"For God so loved the world that He gave His only Son, that whoever believes in Him should not perish but have eternal life"?
...that Ukrainian Eastern Catholic Josyf Cardinal Slipyj's 20 year internment in a Siberian Soviet labor camp and later rise to the rank of Cardinal inspired the 1963 novel The Shoes of the Fisherman, a number 1 best seller on the Publishers Weekly fiction list?
...that Christian demonology has assigned the colours red and black to represent Satan?

.... that the Christians divided themselves up into different churches because some were beginning to contradict certain parts of the bible. Even though the were reading the same scriptures, many didn't believe certain things. So, they branched off and made Churches of there own with their own doctrines.

...that Christians believe that Jesus Christ came into the world to destroy the works of Satan by fulfilling the Laws God established, and through Him we might all be saved from God's Wrath.


Selected biography

Portrait of Bishop Clement of Dunblane
Clement of Dunblane was a 13th-century Dominican friar who was the first member of the Dominican Order in the British Isles to become a bishop. In 1233, he was selected to lead the ailing diocese of Dunblane, and faced a struggle to bring the bishopric of Dunblane to financial viability. While not achieving all of his aims, Clement succeeded in saving the bishopric from relocation to Inchaffray Abbey. He also regained enough revenue to begin work on the new Dunblane Cathedral. He faced a similar challenge with the impoverished bishopric of Argyll in the 1240s. Clement was with the king during his campaign in Argyll in 1249 and was at his side when he died during this campaign. By 1250 he had established a reputation as one of the most active Dominican reformers in Britain. Clement helped to elevate Edmund of Abingdon and Queen Margaret to sainthood. After his death, he received veneration as a saint himself, although he was never formally canonised.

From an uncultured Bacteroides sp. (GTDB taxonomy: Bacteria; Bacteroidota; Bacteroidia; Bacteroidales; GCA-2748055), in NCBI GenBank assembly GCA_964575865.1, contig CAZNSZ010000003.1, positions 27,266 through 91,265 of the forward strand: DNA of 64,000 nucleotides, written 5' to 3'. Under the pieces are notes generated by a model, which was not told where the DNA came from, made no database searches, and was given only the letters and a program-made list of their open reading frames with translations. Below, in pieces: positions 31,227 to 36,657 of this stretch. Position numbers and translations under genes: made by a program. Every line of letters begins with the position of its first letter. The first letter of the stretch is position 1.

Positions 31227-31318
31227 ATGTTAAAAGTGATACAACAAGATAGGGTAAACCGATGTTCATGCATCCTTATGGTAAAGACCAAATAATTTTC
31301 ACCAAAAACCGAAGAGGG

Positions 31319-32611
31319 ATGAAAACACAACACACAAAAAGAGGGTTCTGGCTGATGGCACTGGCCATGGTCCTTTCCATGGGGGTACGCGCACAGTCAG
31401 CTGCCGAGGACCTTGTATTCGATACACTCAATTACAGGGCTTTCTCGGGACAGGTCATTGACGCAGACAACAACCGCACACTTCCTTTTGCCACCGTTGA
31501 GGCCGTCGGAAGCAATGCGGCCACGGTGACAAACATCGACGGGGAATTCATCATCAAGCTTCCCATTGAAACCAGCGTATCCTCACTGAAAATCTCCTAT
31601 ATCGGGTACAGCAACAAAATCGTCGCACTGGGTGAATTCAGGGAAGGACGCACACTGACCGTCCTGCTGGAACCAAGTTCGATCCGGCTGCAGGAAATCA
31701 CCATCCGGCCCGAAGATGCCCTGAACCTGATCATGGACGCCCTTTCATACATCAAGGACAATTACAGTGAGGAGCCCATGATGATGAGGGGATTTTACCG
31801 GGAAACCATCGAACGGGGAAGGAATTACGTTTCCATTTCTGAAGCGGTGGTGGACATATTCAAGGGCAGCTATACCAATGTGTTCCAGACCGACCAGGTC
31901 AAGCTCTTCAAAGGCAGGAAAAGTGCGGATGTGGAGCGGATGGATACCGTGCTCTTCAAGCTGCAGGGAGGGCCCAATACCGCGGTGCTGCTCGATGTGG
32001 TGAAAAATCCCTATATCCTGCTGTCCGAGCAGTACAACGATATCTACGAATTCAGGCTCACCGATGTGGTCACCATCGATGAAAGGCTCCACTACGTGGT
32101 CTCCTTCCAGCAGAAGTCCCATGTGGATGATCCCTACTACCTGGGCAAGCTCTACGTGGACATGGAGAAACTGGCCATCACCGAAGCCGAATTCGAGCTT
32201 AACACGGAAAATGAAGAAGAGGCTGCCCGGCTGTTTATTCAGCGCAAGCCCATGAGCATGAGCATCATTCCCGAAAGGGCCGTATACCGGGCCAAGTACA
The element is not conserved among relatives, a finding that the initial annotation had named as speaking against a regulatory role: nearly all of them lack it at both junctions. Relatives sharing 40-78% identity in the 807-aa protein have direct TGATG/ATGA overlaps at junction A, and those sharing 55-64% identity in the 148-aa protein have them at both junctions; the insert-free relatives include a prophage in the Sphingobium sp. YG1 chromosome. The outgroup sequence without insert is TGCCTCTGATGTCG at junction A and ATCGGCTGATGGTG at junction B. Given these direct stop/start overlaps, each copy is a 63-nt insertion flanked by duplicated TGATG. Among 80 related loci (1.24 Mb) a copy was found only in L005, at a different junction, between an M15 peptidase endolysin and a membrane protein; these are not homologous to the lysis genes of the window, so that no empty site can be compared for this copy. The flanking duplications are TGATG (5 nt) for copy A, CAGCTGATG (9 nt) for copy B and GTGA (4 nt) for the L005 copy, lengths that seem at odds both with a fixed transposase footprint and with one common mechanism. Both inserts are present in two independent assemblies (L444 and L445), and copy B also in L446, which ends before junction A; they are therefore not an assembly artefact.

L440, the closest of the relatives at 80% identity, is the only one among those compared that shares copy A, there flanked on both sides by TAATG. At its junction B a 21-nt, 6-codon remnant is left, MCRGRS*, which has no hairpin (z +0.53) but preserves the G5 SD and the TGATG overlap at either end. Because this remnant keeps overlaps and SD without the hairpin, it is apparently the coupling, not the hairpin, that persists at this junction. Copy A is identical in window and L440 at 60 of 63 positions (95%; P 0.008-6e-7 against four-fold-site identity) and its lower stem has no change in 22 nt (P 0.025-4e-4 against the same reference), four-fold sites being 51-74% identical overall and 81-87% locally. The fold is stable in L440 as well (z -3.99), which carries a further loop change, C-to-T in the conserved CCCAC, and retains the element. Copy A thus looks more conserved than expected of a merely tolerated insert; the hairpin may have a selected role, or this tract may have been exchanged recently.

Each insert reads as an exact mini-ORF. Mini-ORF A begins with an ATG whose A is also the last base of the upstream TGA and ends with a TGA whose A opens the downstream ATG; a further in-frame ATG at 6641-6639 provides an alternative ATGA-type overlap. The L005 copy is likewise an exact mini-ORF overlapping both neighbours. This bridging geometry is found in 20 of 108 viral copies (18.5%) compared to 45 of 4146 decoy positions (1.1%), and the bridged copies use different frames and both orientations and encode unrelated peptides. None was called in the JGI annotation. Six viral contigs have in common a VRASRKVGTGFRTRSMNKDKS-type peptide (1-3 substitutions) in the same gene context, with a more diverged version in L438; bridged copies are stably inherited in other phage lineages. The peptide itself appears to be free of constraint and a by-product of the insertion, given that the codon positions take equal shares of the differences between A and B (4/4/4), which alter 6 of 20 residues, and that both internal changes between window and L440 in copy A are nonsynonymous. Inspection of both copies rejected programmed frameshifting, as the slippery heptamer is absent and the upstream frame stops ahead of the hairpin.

Selected picture

Conversion of Saint Paul
Credit: User:Irmgard

Conversion to Christianity is the religious conversion of a previously non-Christian person to some form of Christianity. It has been called the foundational experience of Christian life. Conversion to Christianity primarily involves belief (faith) in the Christian God, thinking that they are far short of the Christian God's apparent "glory and holiness" (sin), repentance of "sin", and confession of their belief that Jesus Christ is the Son of God and the all-sufficient and only means by whom one's sin can be atoned for and therefore the only route to salvation.